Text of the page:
Doing too much, too soon after an injury can overwhelm you mentally and physically. There is no definitive answer as to how soon you should return to work after an injury as it depends on a number of factors, for example the nature of the injury, if your workplace needs to be modified for your safe return or the strength of an individual.
However, research (1) shows that getting back to work can be an essential part of the recovery process. Returning to work can make the injured person feel like they are getting back on track and returning to some normality and routine. It also prevents the money worries which go with long periods of absence from work.
In Australia, thousands of employees are injured in workplace incidents. Many of these accidents can be avoided if safety measures are put in place, and safety is adhered to by all.
If you have found yourself suffering due to a work-related injury, there is help available, and you may be eligible to make a workplace compensation claim. There are different schemes and rules surrounding these claims, depending on the state you live in.
Everyone should aim for at least 30 minutes of moderate-intensity activity on most, preferably all, days of the week. Moderate-intensity physical activity is an activity that is energetic and raises your heart rate, but doesn’t make you too breathless, such as fast walking. If you are pregnant, have been previously inactive, or suffer from any medical conditions, it is recommended that you seek medical advice before commencing vigorous physical activity. For best results in achieving a healthier lifestyle and reducing your risk of developing a chronic disease, combine physical activity with healthy eating.
Make time to be physically active and schedule it as you would an appointment. Set a date for when you will start. Write the date down and stick to it. One idea is to make an activity planner so you can put the times and days you will do each activity. Don’t give up before you start to see the benefits. Be patient and keep at it.
For those wanting to maintain their exercise regime whilst in recovery, you could consider the below alternatives: (2)
High Squats – High Squats are a great exercise for when those are experiencing an injury to their hips or if hips are feeling stiff and sore. By decreasing the range of hip flexion, the High Squat will be less aggravating on the hip joint. Once the pain/injury is feeling better, it’s back to full-range squats.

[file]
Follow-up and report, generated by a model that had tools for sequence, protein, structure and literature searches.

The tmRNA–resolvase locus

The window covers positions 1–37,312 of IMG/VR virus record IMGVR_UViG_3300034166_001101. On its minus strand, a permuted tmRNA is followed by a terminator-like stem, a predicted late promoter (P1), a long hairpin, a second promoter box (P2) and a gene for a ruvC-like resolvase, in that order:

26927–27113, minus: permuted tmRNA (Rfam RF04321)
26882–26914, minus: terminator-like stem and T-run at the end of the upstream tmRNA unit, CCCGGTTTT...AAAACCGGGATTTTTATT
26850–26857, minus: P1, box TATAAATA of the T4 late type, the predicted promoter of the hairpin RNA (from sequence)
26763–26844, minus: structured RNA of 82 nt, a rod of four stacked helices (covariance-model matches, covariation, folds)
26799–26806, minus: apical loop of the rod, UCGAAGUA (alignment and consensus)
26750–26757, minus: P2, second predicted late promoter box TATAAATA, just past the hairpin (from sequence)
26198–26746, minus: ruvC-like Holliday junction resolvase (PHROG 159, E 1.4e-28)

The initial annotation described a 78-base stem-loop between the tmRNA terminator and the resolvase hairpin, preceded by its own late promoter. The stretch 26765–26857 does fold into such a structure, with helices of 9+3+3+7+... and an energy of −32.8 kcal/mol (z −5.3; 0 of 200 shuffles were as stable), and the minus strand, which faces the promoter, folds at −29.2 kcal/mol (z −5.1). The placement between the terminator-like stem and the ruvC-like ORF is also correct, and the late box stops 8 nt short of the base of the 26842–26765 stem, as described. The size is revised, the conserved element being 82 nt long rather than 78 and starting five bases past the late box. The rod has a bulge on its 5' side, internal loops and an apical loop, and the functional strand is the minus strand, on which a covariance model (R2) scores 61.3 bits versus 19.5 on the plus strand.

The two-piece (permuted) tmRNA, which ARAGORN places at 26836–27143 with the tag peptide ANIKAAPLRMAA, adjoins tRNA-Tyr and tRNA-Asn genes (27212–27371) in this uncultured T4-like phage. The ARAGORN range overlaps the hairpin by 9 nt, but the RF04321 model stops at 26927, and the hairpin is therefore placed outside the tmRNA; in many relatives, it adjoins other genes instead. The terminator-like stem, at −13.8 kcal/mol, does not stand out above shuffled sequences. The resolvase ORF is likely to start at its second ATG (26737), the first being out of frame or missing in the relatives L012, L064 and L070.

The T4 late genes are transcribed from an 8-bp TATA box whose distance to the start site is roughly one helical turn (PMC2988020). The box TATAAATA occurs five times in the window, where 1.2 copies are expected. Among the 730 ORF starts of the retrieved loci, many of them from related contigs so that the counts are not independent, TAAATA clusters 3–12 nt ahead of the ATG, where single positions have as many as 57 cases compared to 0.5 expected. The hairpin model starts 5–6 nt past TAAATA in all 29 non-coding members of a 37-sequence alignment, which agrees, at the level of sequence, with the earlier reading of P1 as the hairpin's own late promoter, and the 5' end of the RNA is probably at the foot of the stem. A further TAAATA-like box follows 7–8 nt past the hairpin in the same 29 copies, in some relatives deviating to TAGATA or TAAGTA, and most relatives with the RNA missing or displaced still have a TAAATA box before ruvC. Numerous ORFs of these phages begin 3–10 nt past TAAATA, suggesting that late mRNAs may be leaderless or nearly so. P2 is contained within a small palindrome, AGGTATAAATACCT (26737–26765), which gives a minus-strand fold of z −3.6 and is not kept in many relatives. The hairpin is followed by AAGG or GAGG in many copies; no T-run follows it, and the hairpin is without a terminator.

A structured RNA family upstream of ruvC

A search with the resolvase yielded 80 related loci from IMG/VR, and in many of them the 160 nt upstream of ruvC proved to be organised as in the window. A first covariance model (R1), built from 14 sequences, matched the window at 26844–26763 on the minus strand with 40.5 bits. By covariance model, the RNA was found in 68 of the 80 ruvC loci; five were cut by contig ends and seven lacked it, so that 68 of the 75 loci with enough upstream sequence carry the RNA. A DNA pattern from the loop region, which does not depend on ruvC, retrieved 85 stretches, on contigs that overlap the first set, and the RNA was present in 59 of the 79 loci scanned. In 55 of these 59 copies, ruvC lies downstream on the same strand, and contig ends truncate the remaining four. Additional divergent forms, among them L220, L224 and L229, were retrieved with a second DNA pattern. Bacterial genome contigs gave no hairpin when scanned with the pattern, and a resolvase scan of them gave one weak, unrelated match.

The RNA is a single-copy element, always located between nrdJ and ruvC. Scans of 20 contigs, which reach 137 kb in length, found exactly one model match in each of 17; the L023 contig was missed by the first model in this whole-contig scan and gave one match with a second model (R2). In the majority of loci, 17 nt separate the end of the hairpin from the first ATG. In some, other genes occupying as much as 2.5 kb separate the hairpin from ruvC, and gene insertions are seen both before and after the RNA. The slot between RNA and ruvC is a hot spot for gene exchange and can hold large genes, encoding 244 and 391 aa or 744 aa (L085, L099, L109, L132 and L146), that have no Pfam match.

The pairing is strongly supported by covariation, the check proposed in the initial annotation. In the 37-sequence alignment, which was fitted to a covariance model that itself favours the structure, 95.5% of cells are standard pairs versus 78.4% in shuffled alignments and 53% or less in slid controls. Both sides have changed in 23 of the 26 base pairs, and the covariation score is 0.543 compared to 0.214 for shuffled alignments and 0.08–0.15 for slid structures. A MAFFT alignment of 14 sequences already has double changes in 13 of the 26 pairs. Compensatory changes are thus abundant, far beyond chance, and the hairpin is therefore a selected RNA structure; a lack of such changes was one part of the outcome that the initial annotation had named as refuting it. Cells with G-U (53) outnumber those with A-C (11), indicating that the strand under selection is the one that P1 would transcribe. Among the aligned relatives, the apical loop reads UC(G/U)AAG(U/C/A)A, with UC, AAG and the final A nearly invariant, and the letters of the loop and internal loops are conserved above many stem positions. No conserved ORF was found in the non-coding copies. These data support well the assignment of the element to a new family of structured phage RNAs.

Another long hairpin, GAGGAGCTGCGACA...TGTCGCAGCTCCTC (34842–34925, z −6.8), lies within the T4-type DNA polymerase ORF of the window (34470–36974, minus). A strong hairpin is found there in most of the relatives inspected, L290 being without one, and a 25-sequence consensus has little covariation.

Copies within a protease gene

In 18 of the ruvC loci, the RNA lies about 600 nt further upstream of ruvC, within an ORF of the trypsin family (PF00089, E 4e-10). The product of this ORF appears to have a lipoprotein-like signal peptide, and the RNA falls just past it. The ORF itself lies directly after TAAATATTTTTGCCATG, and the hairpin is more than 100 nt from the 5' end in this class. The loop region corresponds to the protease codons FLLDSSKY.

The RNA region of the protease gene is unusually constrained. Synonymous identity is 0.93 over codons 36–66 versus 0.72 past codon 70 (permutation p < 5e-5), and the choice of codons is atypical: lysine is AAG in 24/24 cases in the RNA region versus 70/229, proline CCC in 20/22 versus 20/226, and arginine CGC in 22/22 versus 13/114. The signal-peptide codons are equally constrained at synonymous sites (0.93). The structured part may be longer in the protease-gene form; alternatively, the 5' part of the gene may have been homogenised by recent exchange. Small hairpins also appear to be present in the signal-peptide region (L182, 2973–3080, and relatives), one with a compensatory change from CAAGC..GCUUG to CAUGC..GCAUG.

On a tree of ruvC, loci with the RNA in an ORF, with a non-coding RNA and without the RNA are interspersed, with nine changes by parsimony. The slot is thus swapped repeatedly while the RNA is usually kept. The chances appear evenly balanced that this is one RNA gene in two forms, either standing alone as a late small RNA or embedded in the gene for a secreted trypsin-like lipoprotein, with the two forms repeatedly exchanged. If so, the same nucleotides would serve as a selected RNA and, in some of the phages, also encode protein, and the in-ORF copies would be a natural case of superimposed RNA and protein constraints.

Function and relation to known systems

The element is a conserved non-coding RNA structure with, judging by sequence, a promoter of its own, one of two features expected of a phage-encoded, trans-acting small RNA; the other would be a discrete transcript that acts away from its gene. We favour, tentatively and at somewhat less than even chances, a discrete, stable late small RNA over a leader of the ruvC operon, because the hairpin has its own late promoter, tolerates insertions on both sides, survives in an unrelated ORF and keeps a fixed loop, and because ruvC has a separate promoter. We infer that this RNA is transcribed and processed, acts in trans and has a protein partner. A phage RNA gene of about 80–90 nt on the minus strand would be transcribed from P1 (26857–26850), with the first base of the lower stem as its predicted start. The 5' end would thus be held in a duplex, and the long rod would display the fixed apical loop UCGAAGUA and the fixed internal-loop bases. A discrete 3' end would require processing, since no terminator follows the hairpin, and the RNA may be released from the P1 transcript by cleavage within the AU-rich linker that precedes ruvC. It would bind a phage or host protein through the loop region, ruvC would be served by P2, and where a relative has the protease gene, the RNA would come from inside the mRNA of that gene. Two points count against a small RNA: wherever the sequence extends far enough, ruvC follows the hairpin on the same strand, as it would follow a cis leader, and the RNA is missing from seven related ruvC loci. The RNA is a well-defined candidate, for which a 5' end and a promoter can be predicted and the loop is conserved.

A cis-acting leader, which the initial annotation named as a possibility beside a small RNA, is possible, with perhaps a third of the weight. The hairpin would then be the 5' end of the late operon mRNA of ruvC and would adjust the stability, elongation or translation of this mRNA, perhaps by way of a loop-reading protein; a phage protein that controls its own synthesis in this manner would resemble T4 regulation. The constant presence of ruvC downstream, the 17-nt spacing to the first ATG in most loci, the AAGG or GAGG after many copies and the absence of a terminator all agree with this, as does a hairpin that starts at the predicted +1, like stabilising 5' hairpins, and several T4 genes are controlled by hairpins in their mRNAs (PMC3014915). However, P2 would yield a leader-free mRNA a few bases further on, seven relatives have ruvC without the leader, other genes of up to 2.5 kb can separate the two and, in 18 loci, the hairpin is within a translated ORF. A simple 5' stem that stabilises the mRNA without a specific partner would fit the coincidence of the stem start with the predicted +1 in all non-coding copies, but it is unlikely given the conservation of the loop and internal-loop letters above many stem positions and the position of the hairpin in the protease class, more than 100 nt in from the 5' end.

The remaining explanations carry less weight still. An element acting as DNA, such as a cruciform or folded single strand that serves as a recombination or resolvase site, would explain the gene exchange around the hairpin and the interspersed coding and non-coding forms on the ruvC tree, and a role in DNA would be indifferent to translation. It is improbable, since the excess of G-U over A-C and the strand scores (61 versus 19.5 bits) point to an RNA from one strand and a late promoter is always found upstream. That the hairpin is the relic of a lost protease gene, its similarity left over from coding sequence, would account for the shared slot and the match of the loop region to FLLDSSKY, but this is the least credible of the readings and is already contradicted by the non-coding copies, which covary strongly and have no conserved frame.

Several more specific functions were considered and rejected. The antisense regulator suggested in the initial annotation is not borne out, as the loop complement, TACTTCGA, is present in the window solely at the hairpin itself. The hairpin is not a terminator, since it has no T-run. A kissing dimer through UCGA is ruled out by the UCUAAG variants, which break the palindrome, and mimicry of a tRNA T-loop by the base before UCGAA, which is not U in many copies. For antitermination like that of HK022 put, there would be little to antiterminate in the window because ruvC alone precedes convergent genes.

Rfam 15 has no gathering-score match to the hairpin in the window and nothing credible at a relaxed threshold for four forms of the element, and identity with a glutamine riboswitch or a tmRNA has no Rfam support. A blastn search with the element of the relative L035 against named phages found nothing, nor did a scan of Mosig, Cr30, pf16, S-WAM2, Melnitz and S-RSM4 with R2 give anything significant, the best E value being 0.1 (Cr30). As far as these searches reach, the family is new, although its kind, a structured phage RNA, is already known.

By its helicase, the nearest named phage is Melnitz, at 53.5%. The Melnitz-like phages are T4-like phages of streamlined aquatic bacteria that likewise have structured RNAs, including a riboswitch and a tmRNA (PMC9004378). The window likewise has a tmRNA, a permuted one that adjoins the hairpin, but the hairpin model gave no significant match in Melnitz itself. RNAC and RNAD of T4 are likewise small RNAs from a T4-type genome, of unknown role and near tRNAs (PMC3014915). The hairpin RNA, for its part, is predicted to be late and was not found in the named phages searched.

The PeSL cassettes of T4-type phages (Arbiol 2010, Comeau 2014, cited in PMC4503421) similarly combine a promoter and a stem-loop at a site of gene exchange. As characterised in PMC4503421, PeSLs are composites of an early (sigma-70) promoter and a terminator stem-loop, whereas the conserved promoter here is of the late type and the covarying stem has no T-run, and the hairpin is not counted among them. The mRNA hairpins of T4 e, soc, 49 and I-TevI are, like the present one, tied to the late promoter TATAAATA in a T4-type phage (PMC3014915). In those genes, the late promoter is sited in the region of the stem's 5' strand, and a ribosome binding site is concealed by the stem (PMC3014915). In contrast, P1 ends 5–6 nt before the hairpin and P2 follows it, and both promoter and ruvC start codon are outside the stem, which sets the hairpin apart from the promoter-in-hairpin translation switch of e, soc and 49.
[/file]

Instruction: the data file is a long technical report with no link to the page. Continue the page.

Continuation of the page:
Floor Press – This is an excellent alternative to the traditional Bench Press for those with sore shoulders. By lying on the floor, you are decreasing the range of motion, meaning there will be less stress on the shoulder capsule as well. You can do this exercise with or without weights, depending on how your shoulder is feeling.
Sore knees require a re-focus from dominant knee movements such as Squats and Lunges to more hip dominant movements like Deadlifts (and variations), Back Extensions & Good Mornings. The more vertical shin angle during these exercises means less knee flexion and more hip flexion allowing different aspects of the lower body to be trained when knees aren’t being friendly.
How can an Exercise Physiologist help your recovery?
Exercise Physiologists are Allied Health professionals who have the skills to support your rehabilitation and recovery from a physical, mental, emotional and social perspective. An Exercise Physiologist can:
- Help you understand your diagnosis and condition, and how this may impact on your ability to perform your daily activities and your work
- Assist you with setting goals for your everyday life and your work life
- Prescribe you with the right type of exercise to help achieve your goals
- Help you develop a plan so you can independently continue your journey to recovery
If you would like further guidance on which exercises may be appropriate, or are interested in a program tailored to your own condition and abilities, feel free to contact the Revitalize team on (03) 9016 3415.